Finally! We come to the end of my Pordenone round-up odyssey. It’s become a bit of an albatross – so much blog worthy stuff has happened since: the announcement of Napoleon at the Royal Festival Hall in 2013,Tacita Dean in the Turbine Hall, the sad death of Barbara Kent, The First Born and A Trip to the Moon gain public exposure at the London Film Festival… I’m also excited by the BFI Southbank’s upcoming MGM season, as it’s a chance for me to see some of the films that have been on my to-watch list for years.
It seems since my return from Italy that silent films are more popular than ever, and they’ve pretty much dominated Kine Artefacts (for good reason: they’re awesome). However, to redress the balance I must focus on sound film and television for a bit. Tomorrow I’ll post the first ‘Watch This’ column of archival Youtube clips, and I’m thinking about spectacular musical sequences… For now, though, here’s a round-up from the final couple of days of Le Giornate del Cinema Muto 2011.
Rediscoveries are always the most thrilling part of silent film fandom (at least for die hard preservationists), and the queue outside the cinema for The White Shadow attests to the fact that more and more people are intrigued by silent cinema. Moreover, the cinephiles of Pordenone are sticklers for authenticity: a few in the audience made a point of applauding director Graham Cutts, in a thinly veiled rebuke to the common belief that The White Shadow is a rediscovered Alfred Hitchcock film (for Hitch was assistant director, among other things). On the one hand, the film such as it is was unlikely to have been screened without the Hitchcock credit; I struggle to name other Cutts titles, and only the first three reels survive. On the other, when I tell people I’m a film archivist many instantly reply ‘Oh! I read that they found Hitchcock’s first film!’, which irritates the hell out of my inner pedant. For what it’s worth, I doubt there are any concrete Hitchcockian motifs in The White Shadow – there certainly weren’t in the first half – but the film is a joy nonetheless and I hope one day to see the rest.
Aside from the rediscoveries, I particularly enjoyed the ‘Treasures of the West’ strand of screenings. Not usually a fan of Westerns (like most horror and sci-fi, with a few exceptions, they are generally not my cup of tea), I was pleased to find that most of the silent Westerns on offer were more akin to melodramas, screwballs and travelogues than their epic, widescreen, mid-20th-century counterparts. Salomy Jane (Lucius Henderson, 1914) was a rollicking tale of love amongst wronged outlaws, with a nicely ambiguous ending. Also, it gives me a neat opportunity to big up Yale University’s silent Western lobby card collection – though these cards are from the 1923 version of Bret Harte’s story (I assume missing??).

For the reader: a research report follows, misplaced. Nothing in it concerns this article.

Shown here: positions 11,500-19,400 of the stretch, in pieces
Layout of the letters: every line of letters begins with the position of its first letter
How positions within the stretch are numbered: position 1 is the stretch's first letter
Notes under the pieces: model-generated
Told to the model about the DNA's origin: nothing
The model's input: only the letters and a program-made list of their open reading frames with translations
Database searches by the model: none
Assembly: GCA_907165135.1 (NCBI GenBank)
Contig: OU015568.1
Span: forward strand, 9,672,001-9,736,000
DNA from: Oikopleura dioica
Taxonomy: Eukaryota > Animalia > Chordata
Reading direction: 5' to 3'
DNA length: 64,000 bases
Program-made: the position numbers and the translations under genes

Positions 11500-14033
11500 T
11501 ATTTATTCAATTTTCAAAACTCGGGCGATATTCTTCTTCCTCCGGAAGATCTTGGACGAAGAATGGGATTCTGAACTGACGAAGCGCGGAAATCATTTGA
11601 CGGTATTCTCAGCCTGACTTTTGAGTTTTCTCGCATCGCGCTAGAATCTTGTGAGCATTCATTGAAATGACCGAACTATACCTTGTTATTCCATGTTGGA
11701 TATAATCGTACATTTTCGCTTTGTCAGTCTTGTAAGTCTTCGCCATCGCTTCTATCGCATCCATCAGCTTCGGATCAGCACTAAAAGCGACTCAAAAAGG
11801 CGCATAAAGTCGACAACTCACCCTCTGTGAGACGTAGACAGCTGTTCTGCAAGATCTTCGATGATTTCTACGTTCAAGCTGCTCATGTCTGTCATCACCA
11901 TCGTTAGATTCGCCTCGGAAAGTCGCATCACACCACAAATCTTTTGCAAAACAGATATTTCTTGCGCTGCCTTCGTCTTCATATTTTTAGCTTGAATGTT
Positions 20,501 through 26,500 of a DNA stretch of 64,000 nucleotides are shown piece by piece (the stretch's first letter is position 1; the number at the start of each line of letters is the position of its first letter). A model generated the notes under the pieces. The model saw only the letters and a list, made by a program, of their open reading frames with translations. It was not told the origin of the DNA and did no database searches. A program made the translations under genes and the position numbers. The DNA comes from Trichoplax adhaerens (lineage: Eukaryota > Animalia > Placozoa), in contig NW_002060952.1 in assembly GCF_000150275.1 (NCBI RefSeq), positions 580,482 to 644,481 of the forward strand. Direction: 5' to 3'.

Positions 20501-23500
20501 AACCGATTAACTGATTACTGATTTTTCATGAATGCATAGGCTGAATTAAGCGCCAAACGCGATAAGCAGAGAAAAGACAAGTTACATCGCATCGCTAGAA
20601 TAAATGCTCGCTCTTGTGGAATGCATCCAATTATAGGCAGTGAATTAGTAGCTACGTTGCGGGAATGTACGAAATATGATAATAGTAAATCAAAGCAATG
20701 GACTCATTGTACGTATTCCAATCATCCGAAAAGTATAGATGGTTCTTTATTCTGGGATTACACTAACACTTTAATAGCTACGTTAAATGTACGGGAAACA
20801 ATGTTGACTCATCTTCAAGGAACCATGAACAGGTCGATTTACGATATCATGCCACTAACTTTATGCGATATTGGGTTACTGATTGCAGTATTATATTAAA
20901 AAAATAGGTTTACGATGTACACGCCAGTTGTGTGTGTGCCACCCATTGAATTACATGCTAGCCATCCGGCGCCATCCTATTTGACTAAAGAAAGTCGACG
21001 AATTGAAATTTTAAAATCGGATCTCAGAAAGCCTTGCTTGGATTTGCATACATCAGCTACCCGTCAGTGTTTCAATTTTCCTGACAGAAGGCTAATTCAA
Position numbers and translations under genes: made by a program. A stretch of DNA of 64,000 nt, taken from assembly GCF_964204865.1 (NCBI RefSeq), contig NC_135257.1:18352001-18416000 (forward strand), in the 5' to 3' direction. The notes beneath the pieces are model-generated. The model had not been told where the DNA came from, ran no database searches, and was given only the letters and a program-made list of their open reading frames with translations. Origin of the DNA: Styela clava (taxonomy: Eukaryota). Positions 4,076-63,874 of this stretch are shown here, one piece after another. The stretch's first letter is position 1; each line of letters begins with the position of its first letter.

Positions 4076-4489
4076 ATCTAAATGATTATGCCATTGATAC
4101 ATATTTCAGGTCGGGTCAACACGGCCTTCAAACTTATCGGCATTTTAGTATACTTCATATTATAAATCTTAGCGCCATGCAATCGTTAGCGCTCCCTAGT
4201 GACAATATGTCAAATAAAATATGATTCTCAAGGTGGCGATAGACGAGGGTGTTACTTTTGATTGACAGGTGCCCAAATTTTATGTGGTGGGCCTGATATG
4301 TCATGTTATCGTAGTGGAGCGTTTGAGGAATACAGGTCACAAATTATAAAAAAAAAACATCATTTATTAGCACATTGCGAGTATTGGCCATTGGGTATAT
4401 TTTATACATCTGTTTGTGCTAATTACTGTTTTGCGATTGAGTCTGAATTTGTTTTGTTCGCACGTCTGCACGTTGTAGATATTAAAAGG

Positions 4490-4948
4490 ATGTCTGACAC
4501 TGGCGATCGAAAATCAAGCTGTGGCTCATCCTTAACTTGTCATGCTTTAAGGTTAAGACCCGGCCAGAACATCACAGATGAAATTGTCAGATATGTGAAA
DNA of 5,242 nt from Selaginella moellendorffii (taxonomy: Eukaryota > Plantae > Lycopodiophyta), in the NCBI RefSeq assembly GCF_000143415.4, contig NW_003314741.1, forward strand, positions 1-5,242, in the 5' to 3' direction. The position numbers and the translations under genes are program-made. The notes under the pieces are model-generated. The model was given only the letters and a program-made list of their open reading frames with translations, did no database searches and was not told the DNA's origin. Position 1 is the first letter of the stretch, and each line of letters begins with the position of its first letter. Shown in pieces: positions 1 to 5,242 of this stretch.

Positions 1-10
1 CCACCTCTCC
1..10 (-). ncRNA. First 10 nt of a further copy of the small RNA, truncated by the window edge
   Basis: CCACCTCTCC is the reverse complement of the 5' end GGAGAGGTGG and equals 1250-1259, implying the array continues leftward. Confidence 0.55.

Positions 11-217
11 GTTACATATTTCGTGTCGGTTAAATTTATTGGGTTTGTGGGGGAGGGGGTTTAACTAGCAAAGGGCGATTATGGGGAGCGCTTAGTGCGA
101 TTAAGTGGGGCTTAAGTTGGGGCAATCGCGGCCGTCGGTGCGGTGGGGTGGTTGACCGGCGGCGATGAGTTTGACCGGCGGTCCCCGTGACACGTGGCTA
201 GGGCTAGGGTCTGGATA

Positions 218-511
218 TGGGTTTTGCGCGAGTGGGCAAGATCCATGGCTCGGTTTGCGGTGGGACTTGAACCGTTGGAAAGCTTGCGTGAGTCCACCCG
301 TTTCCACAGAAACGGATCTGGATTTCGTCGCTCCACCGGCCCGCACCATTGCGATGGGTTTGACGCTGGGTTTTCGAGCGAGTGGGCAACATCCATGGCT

The final days of Pordenone involved yet more sound. I’m sometimes a bit disparaging of early sound films, because I feel that acting and cinematography became dull and one-dimensional in order to accommodate primitive microphones. However, films such as Alone (Kozintsev and Trauberg, 1931) prove that some filmmakers embraced the medium and used it in an innovative manner. In this example Shostakovich’s music, foley noise and occasional dialogue are montaged in typical Soviet style. A newly trained teacher (Yelena Kuzmina) is reluctantly despatched to the Altai mountains. The lighthearted Moscow scenes are juxtapose effectively with the mountainous wilderness, and the cast is largely made up of untrained Mongolian locals. Will Yelena return to her cosmopolitan, consumerist lifestyle, or accept her duty to the people? Well, what do you expect…
The finale to the 30th Giornate was a triumphant performance by the FVG Mitteleuropa Orchestra, conducted by Carl Davis in his score of The Wind (1928). The film is a stone cold classic, and Lillian Gish was never better, playing the part of cabin feverish Letty – as determined and resolute as she is vulnerable and fragile.
Before I sign off, there’s just enough time for highlights that I didn’t shoehorn in elsewhere:
- Meeting other bloggers! Silent Toronto, Screen Addict and Burnt Retina are all lovely fellas. We even managed to post Silent London a vintage postcard.
- Disney’s Laugh-o-Grams! The pre-Mickey animated cartoons were dotted across the week, including Walt’s earliest surviving animation, created for Newman’s theater chain in Kansas City, in which Disney himself features as a lightning sketcher. The clipping above comes from Jerry Beck at Cartoon Brew, where he discusses the two rediscovered Laugh-o-Grams, also screened at Pordenone.
- The Collegium! Representatives from Lobster Films, the BFI, the EYE Film Institute, the Library of Congress and Filmarchiv Austria, among many others, gave fascinating presentations on their restoration, preservation and curatorial work, and patiently answered all our questions. I cannot recommend the experience enough.